Experiment in the desert

For most directors, making movies with progressively bigger budgets, bigger stars, and more Academy Award consideration is a source of fulfillment and pride. But for Gus Van Sant, who has now directed a string of critically acclaimed studio films including the Oscar-winning "Good Will Hunting," it's almost something to apologize for.

After bursting on the scene with the independent hits "Drugstore Cowboy" in 1989 and "My Own Private Idaho" in 1991, both of which possessed a knowing quirkiness that found favor with critics, Van Sant slowly began working his way up the Hollywood ladder.

"To Die For," about a fanatically ambitious TV reporter, helped launch Nicole Kidman's career. Next came "Good Will Hunting," which won a screenwriting Oscar for the then-virtually unknown actors Matt Damon and Ben Affleck. It also brought Robin Williams his first Academy Award. After the shot-by-shot remake of Alfred Hitchcock's classic "Psycho" in 2001, Van Sant's "Finding Forrester" brought Sean Connery his best reviews in over a decade.

But now with "Gerry," the director from Portland, Ore., has made a film that, while it features actors Damon and Casey Affleck, is of a decidedly more experimental style. Van Sant says it represents a change of course in his career.

"I had this idea, which I no longer think is true, that if you were going to change cinema, you had to be able to do it from the inside," Van San explains from a diner in Portland's fashionable Pearl District. "The challenge of making traditional dramatic films was intriguing. But then it got to a point where I was trying to get my outside projects going, and agents were really good at talking me into bigger projects."

Before "Finding Forrester," for example, Van Sant was attached to a number of smaller, unconventional projects - including an adaptation of J.T. Leroy's cult novel "Sarah" and a biography of controversial cartoonist John Callahan, which never found proper financing. "Gerry" is more of the latter sort, only this time it got off the ground.

Viewers used to seeing Damon in big-budget pictures like "The Bourne Identity" and "Ocean's 11" could be in for a shock with "Gerry." Shot in the deserts of Argentina and California's Death Valley, the film chronicles two hikers who become lost for several days after venturing off a secluded nature trail.

"Gerry" often goes several minutes without any dialogue, including virtually the entire second half of the picture. And when the characters do speak, it's often a series of non sequiturs. Much of the story and dialogue, for which Damon and Affleck are credited along with Van Sant, was completely improvised.

"We really didn't know until the first day of filming what actually was going to happen," the director recalls. "But they got really into it. They'd write a scene that I thought was brilliant, and they'd say 'No, it's way off. It's no good. We have to work way more on that.' " Ultimately, though, the actors essentially had to unlearn their traditional acting skills.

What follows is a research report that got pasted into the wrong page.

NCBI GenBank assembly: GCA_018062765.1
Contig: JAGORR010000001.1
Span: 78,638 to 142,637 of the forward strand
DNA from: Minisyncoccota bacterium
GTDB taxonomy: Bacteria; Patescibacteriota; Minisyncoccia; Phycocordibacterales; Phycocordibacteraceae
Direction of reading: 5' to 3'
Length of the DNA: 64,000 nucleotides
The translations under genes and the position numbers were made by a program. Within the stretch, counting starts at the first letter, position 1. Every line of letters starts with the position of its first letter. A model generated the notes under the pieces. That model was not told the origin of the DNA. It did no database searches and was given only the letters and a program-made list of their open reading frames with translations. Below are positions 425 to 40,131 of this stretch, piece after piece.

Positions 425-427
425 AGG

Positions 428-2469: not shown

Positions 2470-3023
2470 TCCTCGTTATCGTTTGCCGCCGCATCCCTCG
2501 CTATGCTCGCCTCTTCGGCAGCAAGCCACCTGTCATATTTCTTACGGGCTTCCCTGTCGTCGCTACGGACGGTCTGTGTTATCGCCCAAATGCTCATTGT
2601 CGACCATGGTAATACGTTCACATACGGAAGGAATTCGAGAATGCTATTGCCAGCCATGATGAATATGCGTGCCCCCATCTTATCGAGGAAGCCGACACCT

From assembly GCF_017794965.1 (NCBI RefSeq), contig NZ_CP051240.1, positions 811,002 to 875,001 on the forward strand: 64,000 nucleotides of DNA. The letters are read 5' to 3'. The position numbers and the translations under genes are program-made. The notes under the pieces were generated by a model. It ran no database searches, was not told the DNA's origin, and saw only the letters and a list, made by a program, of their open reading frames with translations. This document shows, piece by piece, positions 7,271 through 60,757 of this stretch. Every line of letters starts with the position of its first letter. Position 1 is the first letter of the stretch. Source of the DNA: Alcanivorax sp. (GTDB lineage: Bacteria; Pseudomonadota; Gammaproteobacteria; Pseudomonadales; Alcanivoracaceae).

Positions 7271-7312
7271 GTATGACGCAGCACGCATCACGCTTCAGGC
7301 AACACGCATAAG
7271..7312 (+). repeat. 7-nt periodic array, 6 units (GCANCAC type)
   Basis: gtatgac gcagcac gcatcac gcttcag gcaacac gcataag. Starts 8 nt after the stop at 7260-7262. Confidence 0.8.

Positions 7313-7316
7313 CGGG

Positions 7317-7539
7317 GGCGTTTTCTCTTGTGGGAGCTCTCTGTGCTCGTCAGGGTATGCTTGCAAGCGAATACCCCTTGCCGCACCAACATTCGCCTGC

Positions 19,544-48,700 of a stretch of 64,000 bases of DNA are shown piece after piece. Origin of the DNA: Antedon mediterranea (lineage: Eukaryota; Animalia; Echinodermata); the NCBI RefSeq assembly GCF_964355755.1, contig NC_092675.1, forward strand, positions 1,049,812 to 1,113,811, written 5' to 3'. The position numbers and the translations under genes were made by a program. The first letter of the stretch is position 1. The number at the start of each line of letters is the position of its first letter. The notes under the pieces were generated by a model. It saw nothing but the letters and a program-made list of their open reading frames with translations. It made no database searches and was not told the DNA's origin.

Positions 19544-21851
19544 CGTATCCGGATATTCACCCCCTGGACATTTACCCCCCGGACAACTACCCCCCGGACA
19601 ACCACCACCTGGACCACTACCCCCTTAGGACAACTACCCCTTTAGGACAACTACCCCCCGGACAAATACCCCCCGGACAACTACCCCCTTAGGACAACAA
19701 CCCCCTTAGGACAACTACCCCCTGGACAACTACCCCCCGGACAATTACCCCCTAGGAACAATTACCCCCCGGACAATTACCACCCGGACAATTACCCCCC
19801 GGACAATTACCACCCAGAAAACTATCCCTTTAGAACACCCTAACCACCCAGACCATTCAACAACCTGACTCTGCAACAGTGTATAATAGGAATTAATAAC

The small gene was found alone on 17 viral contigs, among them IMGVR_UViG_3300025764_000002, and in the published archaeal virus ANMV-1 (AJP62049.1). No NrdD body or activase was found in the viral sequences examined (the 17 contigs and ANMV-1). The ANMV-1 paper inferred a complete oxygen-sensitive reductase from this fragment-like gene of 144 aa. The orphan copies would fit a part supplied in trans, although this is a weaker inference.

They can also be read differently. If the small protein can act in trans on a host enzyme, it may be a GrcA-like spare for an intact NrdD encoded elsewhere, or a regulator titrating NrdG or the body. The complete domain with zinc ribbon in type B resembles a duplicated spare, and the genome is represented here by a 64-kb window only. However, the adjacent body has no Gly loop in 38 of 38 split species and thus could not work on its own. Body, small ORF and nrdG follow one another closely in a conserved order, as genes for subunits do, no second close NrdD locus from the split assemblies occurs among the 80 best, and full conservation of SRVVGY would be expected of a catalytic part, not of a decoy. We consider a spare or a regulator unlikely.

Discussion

In one of the director's favorite scenes, for example, Damon's character describes a "Wheel of Fortune" episode from the previous night.

"The sun was going down and we were rushing to get the shot," Van Sant explains. "Matt claimed that he didn't think it would ever be used, so he wasn't worrying about acting. At the end of the take, I said, 'That's it. That's what I want.' And he said, 'Wow, I wasn't even trying.' "

Initially, "Gerry" was to be shot with a mere $1 million budget funded by a German television network, with the director himself planning to film the action using a small digital video camera. But before shooting began, additional money was raised so that Van Sant could have the crew to create a more serene visual style for the film.

Van Sant drew on the influence of experimental filmmakers from his younger days, like Stan Brakhage and Chantal Akerman, as well as contemporary Hungarian director Béla Tarr.

Breaking from the comparatively quick-cutting of traditional Hollywood films, "Gerry" often goes several minutes without a single edit.

"Most American filmmakers construct films out of shots and cutting, like Hitchcock teaches, and that's something I took for granted for a long time," he explains. "But I remembered back in art school my teacher, who was from Poland, used to say that cutting is a violence. Even though I was aware of that idea, it never really struck me until watching Bela's movies and making 'Gerry.' "

Completed in late 2001 and held for release until now, Van Sant's unconventional film elicited divided feelings at last year's Sundance Film Festival.

Some offered standing ovations, others walked out in the middle. But regardless of how the movie is received, Van Sant believes he has found his truest voice.

"After 'Gerry' was done, it became hard to watch a regular movie at all," says the director, who already has a similarly made film called 'Elephant.' "I'm somebody who can change my mind really quickly, so probably whatever label I have isn't very important. But I feel like I've altered myself to the point where I can't go back."

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